• Charitable Contributions – the 50% limitation has been increased to 60% for 2018.
  • Miscellaneous – expenses that exceeded 2% of AGI that were deductible have been eliminated. Employee business expenses, investment advisor and tax prep fees are no longer included as itemized deductions.
  • Phase Out – high income taxpayers were subject to phase out limits of itemized deductions previously but the phase out has been eliminated for 2018 – 2025.


For further information regarding tax law changes, please contact Jaclyn Ellis, CPA at or 314-576-1350.

How The New Tax Law May “Drive” Your Decision Making

The Tax Cuts and Jobs Act revamped tax depreciation in several ways, one in particular being the way vehicle depreciation limits are calculated. Below is a summary of the vehicle depreciation limits prior to the new tax law vs. the vehicle depreciation limits under the new tax law. Please note that the new limits apply to vehicles placed in service after December 31, 2017.

Passenger Cars (Under 6,000 lbs) $3,160 (If bonus does not apply)
$11,160 (If bonus does apply)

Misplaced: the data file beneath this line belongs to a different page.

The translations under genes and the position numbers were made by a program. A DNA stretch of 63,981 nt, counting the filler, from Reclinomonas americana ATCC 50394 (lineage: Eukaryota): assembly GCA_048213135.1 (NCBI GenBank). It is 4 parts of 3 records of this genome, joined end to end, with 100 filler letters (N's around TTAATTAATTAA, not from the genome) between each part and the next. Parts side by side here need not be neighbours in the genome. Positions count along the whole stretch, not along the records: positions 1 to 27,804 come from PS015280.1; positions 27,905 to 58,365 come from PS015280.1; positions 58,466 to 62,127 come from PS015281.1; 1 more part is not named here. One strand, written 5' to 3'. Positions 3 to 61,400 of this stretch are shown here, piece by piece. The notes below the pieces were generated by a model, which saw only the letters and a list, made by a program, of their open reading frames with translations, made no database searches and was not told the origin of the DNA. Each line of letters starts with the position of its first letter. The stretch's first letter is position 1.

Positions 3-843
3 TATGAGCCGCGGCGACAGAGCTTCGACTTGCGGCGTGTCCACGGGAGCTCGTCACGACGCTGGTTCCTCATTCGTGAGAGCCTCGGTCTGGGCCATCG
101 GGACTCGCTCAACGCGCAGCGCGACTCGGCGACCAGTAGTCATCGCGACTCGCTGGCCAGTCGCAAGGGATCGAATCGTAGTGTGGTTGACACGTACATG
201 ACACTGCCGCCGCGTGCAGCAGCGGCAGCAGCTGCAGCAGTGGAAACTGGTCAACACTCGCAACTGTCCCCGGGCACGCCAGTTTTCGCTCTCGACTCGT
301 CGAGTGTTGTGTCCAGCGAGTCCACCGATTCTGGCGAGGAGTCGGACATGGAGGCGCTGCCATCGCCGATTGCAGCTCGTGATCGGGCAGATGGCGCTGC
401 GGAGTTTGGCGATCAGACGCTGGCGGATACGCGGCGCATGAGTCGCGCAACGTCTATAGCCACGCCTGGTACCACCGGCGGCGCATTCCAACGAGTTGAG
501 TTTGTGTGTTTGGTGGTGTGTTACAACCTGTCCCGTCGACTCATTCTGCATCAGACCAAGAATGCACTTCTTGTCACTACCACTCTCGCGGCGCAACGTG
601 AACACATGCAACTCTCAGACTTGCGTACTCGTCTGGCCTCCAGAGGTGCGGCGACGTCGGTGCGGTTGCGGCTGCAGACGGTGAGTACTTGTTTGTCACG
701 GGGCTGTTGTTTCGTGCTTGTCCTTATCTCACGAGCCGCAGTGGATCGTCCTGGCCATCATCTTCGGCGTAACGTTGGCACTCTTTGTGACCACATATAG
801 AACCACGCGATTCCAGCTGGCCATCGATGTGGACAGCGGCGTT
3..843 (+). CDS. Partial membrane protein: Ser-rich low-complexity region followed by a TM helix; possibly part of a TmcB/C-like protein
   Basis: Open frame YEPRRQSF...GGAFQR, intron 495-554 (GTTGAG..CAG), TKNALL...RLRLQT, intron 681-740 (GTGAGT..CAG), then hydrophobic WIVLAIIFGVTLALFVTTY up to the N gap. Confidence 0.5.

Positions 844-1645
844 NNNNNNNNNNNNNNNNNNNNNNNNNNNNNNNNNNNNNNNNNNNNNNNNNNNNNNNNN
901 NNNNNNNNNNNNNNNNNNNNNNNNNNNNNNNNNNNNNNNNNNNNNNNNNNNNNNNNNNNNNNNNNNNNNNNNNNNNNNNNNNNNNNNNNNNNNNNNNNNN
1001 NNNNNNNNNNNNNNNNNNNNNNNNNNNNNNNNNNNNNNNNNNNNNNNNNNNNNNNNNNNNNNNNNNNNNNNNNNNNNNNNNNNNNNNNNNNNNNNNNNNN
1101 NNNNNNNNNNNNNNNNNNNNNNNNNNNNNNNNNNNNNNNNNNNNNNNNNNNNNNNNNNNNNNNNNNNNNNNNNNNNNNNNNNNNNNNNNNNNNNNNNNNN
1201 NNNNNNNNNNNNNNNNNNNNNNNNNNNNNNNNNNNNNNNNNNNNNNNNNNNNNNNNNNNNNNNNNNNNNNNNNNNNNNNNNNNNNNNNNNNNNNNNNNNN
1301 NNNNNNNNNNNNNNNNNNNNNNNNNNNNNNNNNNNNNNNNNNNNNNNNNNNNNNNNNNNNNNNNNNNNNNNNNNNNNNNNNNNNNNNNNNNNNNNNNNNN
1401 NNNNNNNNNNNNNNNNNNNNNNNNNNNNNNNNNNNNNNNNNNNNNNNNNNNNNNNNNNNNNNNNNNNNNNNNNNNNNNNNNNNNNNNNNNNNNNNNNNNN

$10,000 (without bonus)
$18,000 (with bonus)
Passenger Trucks and Vans (Under 6,000 lbs) $3,560 (If bonus does not apply)
$11,560 (If bonus does apply)
$10,000 (without bonus)
$18,000 (with bonus)
Trucks, Vans, and SUV’s (Between 6,000 and 14,000 lbs) Limited to 25,000 Section 179 deduction + 50% Bonus Limited to $25,000 Section 179, however 100% bonus may be taken
Trucks, Vans and SUV’s (Over 14,000 lbs) No Section 179 depreciation limitations No Section 179 depreciation limitations


As summarized above, the new tax law has provided greater incentive for the purchase of business use vehicles. These limits apply for vehicles that are 100% business use.

For more information on this topic, please contact Tony Mueller, CPA at or 314-576-1350.